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Automatic voter registration in Wales edges nearer

PLANS to automatically register voters cleared the penultimate hurdle in the Senedd’s legislative process – with 400,000 people potentially set to be added to the register.

Mick Antoniw, who is counsel general, the Welsh Government’s chief legal adviser, described the elections and elected bodies bill as groundbreaking.

He told the Senedd an incoming Labour UK Government would be committed to following Wales’ lead on automatic registration, with a similar model likely to be rolled out.

He said: “For Wales, It will mean potentially some 400,000 people being added to that register. If it is extended to the rest of the UK for non-devolved elections – you are talking about seven or eight million people who are not on the register.

“Now, it says something about our democracy when you have so many people who are not on the register – not even in a position to vote.”

Peter Fox, the Conservatives’ shadow local government secretary, pointed out that vulnerable people – such as those fleeing domestic abuse – may wish to opt out.

Mr Fox said: “We need to be careful with people’s information, as people are often wishing to remain anonymous for a good reason.”

Members agreed to his amendment which would increase the notice period for somebody to be registered to vote without application to 60 days.

But another of Mr Fox’s amendments – aimed at empowering disabled people to vote in person, “something that’s a fundamental right in our society” – was narrowly defeated.

Speaking after the debate on July 2, the former Monmouthshire council leader accused Labour of prioritising electoral change over tackling long NHS waiting lists.

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Rhys ab Owen, who represents South Wales Central and sits as an independent in the Senedd, focused on disabled people’s participation in politics.

Calling for clearer information about accessibility, he told the chamber: “Imagine, if you may, that you are a disabled voter in Wales.

“Let’s say you have to use a wheelchair. You’re going to the polling station to cast your vote, as is your human right, and then you find you can’t get up the steps.”

Mr ab Owen warned: “It can make you feel helpless, dehumanised, to know that this is permitted to happen in a democratic society. And this isn’t just a hypothetical situation – this is the reality for thousands of people or voters across Wales.”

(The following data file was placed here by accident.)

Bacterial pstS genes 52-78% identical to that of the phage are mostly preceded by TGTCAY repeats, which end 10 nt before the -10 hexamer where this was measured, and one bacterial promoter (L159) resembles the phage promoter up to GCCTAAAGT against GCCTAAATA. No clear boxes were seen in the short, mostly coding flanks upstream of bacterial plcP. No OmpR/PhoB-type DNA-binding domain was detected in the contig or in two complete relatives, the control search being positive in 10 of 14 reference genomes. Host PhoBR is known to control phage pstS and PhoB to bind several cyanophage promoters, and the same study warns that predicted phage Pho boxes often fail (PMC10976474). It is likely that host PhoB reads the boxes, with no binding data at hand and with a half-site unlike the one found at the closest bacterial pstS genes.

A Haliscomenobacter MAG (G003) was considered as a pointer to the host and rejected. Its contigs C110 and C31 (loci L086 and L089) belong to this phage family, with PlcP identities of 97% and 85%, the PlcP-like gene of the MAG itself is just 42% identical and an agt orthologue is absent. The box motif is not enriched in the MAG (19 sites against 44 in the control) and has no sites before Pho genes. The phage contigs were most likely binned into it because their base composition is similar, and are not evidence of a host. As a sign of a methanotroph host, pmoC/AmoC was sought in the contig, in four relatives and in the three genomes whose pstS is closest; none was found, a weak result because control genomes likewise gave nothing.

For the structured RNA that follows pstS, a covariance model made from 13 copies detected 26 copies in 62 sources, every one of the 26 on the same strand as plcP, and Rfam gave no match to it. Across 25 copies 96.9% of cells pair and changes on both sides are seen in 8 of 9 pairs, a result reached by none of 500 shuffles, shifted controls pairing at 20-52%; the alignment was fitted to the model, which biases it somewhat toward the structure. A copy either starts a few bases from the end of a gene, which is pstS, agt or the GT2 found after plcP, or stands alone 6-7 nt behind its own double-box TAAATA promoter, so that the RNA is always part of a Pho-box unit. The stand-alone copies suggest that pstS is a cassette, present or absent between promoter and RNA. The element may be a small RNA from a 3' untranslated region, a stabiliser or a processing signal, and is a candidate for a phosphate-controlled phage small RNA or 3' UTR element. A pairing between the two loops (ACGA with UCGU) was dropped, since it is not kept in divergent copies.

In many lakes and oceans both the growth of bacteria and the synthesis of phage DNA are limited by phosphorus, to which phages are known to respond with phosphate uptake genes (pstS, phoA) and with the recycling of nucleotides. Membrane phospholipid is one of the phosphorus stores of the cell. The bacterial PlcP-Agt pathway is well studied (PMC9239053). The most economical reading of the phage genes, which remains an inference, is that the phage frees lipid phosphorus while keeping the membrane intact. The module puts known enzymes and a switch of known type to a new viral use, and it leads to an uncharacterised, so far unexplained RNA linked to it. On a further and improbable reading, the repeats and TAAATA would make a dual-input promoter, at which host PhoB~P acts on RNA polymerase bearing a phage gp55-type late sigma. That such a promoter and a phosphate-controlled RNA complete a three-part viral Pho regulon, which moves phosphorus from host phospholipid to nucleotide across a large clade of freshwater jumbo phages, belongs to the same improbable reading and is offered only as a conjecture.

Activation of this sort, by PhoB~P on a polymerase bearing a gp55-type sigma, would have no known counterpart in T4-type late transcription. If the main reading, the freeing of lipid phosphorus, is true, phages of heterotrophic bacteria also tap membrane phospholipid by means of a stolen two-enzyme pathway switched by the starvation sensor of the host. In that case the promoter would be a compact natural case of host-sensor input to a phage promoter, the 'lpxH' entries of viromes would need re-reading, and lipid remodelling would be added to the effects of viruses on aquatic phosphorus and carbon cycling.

The former barrister pointed to a poll by the charity Sense which showed nearly half of disabled people believe they are not important to political parties.

Under the bill, Welsh ministers will be under a duty to improve diversity in Senedd and council structures – with tailored support for characteristics protected by equality law.

The bill, which has been overshadowed by contentious amendments about deception, would also lay the groundwork for councillors to be given cash when they are voted out.

Councillors who unsuccessfully stand for re-election could receive “resettlement payments”, dubbed in some quarters as “golden handshakes”, but those who stand down would not.

The policy aims to remove barriers, such as for people with caring responsibilities, and ease the transition for those who are giving up their careers to stand for election.

Wales’ 22 local authorities have about 1,250 councillors. Similar transitional arrangements are already in place for unseated Senedd members and MPs.

After the 2021 election, 20 ex-Senedd members were awarded payments from £14,000 to £50,000, costing the public purse £632,000, according to a freedom of information request.

If the bill is passed, community councillors would be barred from being Senedd members.

South Wales Central MS Joel James serves on Llantwit Fardre community council and a Conservative amendment seeking to remove the disqualification was defeated.

But the South Wales Central MS gained agreement on a related amendment which would ensure clerks cannot be a member of community councils.

He told the Senedd: “I’ve always been concerned by that. I think, as a clerk, you need to be politically neutral and it should be a restricted role.

“As, maybe, an opposition politician, or maybe an independent, what confidence would I have that the conversations I have with that clerk, or the advice I was given, would be fair?”

Adam Price tabled ultimately unsuccessful amendments, calling for voters to be given a “right to know” whether artificial intelligence has been used in electoral literature.

The former Plaid Cymru leader raised a “frightening” recent Dispatches documentary on the potential for technology to have a detrimental impact on democracy.

He said: “It is something that could have very dangerous implications for the integrity of our political discourse over coming years, and we can’t afford to remain static.”

The bill now moves to the fourth and final legislative stage – a vote of the whole Senedd on the proposals as amended – which has been pencilled in for July 9 at about 4pm.

With Labour and Plaid Cymru’s support, and no legal challenge expected, the bill is likely to be passed next week – with royal assent to follow.

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